immense infrastructure needs and regards it as a potential
partner for established institutions like the ADB.
But its strategy of questioning the IAAB's standards has
drawn criticism from some observers, who say the administration
should have been more accepting of the new bank or offered
alternatives within the existing institutions.
"If you try to fight the rising power's peaceful ascent you
sow big problems in the future," said Fred Bergsten, a former
top international affairs official at the U.S. Treasury and
currently a fellow at the Peterson Institute in Washington.
Scott Morris, a former U.S. Treasury official who led U.S.
engagement with the multilateral development banks during the
first Obama administration, said Washington was paying the price
for delay on IMF reform.
"It's a clear sentiment among a pretty diverse group of
countries: We would like to mobilize more capital for
infrastructure through MDBs (multilateral development banks),"
said Morris, now with the Washington-based Center for Global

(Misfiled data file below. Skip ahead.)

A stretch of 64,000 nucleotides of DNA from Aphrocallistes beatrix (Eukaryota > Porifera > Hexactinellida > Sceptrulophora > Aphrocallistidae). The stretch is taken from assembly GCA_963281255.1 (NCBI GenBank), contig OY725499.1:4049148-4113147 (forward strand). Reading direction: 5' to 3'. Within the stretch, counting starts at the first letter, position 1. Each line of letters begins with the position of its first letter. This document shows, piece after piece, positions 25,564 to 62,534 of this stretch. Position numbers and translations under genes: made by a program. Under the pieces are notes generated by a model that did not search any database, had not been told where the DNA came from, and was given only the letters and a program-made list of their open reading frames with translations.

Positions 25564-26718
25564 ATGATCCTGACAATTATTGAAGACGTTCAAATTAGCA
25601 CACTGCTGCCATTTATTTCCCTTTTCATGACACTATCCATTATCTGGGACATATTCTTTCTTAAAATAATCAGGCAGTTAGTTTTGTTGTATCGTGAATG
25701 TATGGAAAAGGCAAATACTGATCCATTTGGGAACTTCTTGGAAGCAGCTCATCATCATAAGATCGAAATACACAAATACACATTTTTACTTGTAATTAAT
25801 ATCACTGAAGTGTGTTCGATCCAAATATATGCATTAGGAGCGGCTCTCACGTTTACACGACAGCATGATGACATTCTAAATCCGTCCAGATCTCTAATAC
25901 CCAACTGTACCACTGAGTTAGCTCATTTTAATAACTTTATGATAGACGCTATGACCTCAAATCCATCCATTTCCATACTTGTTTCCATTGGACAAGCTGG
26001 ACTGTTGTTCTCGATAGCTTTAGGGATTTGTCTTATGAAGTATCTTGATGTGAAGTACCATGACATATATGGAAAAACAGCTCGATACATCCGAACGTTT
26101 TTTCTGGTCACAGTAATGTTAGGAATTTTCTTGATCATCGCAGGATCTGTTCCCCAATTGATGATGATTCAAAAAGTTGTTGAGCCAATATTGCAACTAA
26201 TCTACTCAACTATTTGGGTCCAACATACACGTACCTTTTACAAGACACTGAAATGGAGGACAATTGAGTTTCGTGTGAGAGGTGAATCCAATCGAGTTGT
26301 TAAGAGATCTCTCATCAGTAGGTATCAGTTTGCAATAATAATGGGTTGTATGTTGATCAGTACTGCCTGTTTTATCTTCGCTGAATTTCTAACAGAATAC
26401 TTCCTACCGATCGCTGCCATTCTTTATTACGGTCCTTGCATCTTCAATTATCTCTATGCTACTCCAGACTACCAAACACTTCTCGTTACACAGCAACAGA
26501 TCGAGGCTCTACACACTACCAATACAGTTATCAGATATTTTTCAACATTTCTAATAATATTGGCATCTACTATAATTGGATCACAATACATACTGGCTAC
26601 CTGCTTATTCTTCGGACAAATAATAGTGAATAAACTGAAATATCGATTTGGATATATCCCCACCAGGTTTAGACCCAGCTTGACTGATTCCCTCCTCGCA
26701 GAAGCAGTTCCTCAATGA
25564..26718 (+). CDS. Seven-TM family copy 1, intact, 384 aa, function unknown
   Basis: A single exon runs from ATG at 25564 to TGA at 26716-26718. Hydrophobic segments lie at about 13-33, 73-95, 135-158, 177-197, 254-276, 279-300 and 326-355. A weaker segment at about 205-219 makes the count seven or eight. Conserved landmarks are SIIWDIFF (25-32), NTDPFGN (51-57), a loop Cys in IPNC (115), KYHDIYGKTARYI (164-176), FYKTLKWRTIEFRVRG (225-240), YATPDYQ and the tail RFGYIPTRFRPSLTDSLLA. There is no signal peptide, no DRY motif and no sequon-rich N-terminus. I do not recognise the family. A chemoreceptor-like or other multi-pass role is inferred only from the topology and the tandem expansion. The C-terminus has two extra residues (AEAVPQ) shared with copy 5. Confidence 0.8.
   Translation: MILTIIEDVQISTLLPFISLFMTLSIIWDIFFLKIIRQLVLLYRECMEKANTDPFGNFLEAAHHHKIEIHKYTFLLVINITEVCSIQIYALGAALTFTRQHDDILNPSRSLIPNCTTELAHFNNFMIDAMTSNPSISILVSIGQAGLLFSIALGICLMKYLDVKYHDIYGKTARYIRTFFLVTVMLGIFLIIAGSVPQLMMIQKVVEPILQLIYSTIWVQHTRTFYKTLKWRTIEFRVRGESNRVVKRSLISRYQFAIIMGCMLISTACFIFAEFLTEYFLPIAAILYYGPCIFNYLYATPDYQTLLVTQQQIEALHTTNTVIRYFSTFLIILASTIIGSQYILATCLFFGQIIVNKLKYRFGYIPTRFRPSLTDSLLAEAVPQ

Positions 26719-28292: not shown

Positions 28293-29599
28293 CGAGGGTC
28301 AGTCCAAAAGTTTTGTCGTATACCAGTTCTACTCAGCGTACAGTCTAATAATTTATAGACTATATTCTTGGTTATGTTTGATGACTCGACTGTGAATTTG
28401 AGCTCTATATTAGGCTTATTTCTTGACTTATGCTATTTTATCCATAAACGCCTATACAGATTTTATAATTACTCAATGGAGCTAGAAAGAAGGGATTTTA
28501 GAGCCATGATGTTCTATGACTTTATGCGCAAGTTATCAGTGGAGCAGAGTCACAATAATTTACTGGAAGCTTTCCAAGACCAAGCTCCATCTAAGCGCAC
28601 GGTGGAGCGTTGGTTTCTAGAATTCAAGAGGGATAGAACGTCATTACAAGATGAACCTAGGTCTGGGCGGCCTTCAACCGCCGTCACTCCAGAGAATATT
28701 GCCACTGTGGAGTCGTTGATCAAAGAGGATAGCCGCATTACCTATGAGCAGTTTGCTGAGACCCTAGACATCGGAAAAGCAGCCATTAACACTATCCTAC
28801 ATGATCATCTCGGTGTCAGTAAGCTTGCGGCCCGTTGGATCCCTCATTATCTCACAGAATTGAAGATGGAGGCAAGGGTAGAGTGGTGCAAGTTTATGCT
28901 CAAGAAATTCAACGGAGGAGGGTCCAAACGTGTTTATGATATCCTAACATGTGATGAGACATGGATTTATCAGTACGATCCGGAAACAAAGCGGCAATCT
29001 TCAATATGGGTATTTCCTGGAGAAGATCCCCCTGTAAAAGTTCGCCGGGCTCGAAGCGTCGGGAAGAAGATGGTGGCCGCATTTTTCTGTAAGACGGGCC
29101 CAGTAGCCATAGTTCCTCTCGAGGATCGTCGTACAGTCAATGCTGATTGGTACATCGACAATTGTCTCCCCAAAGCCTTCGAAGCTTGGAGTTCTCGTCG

"And the U.S. stands in the way of that and now finds itself
increasingly isolated as a result."
A government official in India, which also has joined, said
the members of the AIIB would meet in Almaty, Kazakhstan, on
March 29-31 to discuss the articles of agreement.
China has said March 31 is the deadline for accepting
founder-members into the organization.
Japan, Australia and South Korea remain notable regional
absentees from the AIIB. Australian Prime Minister Tony Abbott
said at the weekend he would make a final decision on membership
soon. South Korea has said it is still in discussions with China
and other countries about possible participation.
Japan is unlikely to join the AIIB, but ADB head Takehiko
Nakao told the Nikkei Asian Review that the two institutions
were in discussions and could work together.
(Additional reporting by David Brunnstrom, Anna Yukhananov, and
Douwe Miedema in Washington; Yann Le Guernigou and Marine
Pennetier in Paris; Erik Kirschbaum in Berlin; James Mackenzie
in Rome; Ju-min Park in Seoul; Michael Martina and Ben Blanchard
in Beijing; Manoj Kumar in Delhi; and Leika Kihara in Tokyo;
Writing by Paul Taylor and Stuart Grudgings; Editing by Gareth
Jones and Leslie Adler)